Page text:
Ruling

00055-21 Firth v Daily Mail

    • Date complaint received

      3rd June 2021

    • Outcome

      No breach - after investigation

    • Code provisions

      1 Accuracy

Decision of the Complaints Committee – 00055-21 Firth v Daily Mail

Summary of Complaint

1. Jonathan Firth complained to the Independent Press Standards Organisation that the Daily Mail breached Clause 1 (Accuracy) of the Editors’ Code of Practice in an article headlined “Look out, Boris... this may be Britain's destiny all too soon”, published on 1 January 2021.

2. The article was a comment piece from the perspective of an imaginary news editor in the year 2024, reflecting over the past few years. When considering coronavirus the article reported that “in the first 50 weeks of 2020, mortality was only marginally higher than the average for the previous ten years.”

3. The article also appeared online in substantially the same format under the headline “Look out Boris, Rishi may be Britain's destiny all too soon: A big majority, a vaccine, a Brexit deal. But in a New Year gaze into his crystal ball, JOHN HUMPHRYS sees a very unexpected twist for the PM”.

4. The complainant said that the article was inaccurate in breach of Clause 1, as the Office of National Statistics had set the mean death rate for England as 10.381 per 1000 people, in comparison to 9.2189 for 2010-2019, equalling a 12.6% increase. He said that this could not be described as “marginal” as it was almost ten standard deviations away from the mean, and that the term “marginal” implied that there was very little difference to previous years, when tens of thousands of people had died due to the pandemic.

5. The publication did not accept that the article was inaccurate on this point. It said that the disputed figure was the death rate, rather than the raw figures for number of deaths. It said this figure came from a report published by the Institute and Faculty of Actuaries which showed that in the first 50 weeks of 2020, mortality in England and Wales was “6.9% above the 2010-2019 average”. It said that a “marginal” increase was a matter of subjective interpretation, and that the article was entitled to characterise the rise of 6.9% as marginal. Whilst it did not rely on the figures prior to publication, the newspaper noted that the Office of National Statistics had noted that age-standardised mortality rate for 2020 was 1,043.5 per 100,000, which was 7.2% higher. It noted that the article was clearly a comment piece focusing on the government’s response to Covid-19, and made clear to distinguish between comment conjecture and fact in style and tone, including by the columnist describing himself as an editor from the future.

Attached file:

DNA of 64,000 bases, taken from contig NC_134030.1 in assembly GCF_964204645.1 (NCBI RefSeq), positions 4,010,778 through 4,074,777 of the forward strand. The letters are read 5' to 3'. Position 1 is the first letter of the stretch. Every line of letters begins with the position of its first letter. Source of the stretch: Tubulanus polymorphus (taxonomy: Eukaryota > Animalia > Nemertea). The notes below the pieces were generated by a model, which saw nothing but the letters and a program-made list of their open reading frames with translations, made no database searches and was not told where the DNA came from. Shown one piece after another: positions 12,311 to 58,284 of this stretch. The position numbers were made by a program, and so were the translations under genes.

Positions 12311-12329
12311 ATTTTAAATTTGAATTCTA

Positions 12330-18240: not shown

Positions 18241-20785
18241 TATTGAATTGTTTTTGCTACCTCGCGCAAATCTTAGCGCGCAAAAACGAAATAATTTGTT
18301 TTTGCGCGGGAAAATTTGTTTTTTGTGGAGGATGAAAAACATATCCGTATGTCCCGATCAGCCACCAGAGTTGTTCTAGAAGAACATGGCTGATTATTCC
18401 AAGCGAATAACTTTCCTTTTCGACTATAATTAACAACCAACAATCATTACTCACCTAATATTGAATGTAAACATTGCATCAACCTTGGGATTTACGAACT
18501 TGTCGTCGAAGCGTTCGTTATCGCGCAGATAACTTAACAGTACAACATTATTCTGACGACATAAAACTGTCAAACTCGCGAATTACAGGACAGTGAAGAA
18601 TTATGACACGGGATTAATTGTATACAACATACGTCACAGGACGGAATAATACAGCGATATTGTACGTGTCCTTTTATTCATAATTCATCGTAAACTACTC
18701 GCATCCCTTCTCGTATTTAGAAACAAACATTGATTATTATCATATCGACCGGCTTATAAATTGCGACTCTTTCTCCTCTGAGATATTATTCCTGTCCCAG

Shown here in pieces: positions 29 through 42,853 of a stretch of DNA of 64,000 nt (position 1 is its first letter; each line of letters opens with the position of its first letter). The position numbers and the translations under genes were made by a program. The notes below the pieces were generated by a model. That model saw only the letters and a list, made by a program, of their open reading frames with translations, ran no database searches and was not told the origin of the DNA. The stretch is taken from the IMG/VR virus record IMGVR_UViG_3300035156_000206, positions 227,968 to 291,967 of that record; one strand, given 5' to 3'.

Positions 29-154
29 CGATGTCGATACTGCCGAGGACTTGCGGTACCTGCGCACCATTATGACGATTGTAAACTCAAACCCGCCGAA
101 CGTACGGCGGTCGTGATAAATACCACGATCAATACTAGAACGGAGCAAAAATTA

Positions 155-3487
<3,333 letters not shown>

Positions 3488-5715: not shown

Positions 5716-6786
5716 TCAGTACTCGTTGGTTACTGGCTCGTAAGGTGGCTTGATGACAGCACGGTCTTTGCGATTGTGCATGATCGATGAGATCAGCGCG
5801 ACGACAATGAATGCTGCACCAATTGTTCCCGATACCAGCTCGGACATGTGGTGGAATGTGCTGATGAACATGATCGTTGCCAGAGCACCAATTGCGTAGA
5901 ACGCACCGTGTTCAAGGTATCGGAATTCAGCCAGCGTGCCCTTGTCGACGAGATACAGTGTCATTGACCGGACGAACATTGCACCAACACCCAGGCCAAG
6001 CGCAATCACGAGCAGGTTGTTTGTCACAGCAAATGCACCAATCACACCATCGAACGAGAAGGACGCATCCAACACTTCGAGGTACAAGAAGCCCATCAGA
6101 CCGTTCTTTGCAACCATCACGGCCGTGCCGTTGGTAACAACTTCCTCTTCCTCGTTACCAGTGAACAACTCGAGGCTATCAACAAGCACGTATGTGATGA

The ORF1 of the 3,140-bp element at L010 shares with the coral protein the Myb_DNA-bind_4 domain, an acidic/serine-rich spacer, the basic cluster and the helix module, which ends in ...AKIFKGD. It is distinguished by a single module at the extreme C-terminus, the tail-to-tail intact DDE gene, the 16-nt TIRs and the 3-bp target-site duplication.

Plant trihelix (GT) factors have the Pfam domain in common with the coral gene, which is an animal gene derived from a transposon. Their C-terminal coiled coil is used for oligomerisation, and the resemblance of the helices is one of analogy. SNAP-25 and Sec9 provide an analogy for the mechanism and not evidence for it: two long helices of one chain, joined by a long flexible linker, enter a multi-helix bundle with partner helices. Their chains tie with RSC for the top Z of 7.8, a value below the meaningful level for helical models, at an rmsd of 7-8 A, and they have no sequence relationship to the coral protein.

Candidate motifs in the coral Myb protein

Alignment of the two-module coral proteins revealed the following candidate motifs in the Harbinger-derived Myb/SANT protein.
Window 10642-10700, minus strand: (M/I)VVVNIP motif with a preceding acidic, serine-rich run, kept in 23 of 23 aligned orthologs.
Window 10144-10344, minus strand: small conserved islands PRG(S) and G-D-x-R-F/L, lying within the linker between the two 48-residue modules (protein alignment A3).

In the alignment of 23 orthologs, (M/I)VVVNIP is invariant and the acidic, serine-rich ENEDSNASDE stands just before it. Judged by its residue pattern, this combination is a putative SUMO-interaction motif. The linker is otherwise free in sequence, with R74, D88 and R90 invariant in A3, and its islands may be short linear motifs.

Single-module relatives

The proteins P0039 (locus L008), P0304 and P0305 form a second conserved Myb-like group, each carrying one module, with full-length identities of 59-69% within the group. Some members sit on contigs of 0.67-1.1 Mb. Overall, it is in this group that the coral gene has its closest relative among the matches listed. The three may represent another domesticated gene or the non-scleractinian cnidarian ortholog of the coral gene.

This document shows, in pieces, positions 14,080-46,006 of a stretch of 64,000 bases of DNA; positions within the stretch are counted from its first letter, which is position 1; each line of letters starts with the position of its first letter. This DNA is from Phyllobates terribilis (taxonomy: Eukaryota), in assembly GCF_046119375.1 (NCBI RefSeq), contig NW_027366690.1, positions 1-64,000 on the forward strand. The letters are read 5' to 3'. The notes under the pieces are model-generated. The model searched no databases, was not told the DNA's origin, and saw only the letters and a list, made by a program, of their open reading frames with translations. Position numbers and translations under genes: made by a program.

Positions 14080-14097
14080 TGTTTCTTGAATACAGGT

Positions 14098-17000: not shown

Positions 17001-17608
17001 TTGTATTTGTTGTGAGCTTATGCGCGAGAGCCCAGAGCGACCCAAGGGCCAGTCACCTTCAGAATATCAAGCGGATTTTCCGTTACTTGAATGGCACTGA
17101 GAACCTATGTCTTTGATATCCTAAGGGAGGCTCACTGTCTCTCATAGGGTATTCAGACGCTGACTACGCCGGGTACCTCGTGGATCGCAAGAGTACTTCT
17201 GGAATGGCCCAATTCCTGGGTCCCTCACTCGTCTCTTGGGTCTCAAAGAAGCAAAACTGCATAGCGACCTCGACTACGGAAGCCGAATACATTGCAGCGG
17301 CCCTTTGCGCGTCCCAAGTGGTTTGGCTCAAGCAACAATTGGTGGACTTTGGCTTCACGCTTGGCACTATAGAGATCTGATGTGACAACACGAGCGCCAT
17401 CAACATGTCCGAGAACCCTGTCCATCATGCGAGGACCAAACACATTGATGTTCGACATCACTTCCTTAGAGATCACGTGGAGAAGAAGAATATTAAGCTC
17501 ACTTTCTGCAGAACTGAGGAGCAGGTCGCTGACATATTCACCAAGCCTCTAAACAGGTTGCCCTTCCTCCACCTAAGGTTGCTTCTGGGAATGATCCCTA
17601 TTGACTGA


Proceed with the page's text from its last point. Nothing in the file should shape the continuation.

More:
Relevant Code Provisions

Clause 1 (Accuracy)

i) The Press must take care not to publish inaccurate, misleading or distorted information or images, including headlines not supported by the text.

ii) A significant inaccuracy, misleading statement or distortion must be corrected, promptly and with due prominence, and — where appropriate — an apology published. In cases involving IPSO, due prominence should be as required by the regulator.

iii) A fair opportunity to reply to significant inaccuracies should be given, when reasonably called for.

iv) The Press, while free to editorialise and campaign, must distinguish clearly between comment, conjecture and fact.

Findings of the Committee

6. The question for the Committee was whether the mortality rate in the first 50 weeks of 2020 could be described as “only marginally higher than the average” without breaching the Code which requires the press to take care not to publish inaccurate, misleading or distorted information. Whilst including the precise figure of 6.9% would have been clearer, the Committee considered that “marginally higher” did not have a defined meaning. The article was clearly a comment piece, and therefore the term “marginally higher” would be understood to be the columnist’s interpretation. Where the publication had relied on government statistics that had placed the 2020 death rate at 6.9% higher than the average over the past ten years, it was not misleading for the columnist to characterise a rise of 6.9% as “marginally higher”. On this basis, the publication had not failed to take care not to publish inaccurate information, and there was no breach of Clause 1.

Conclusions

7. The complaint was not upheld.

Remedial Action Required

8. N/A


Date complaint received: 02/01/2021

Date complaint concluded by IPSO: 13/05/2021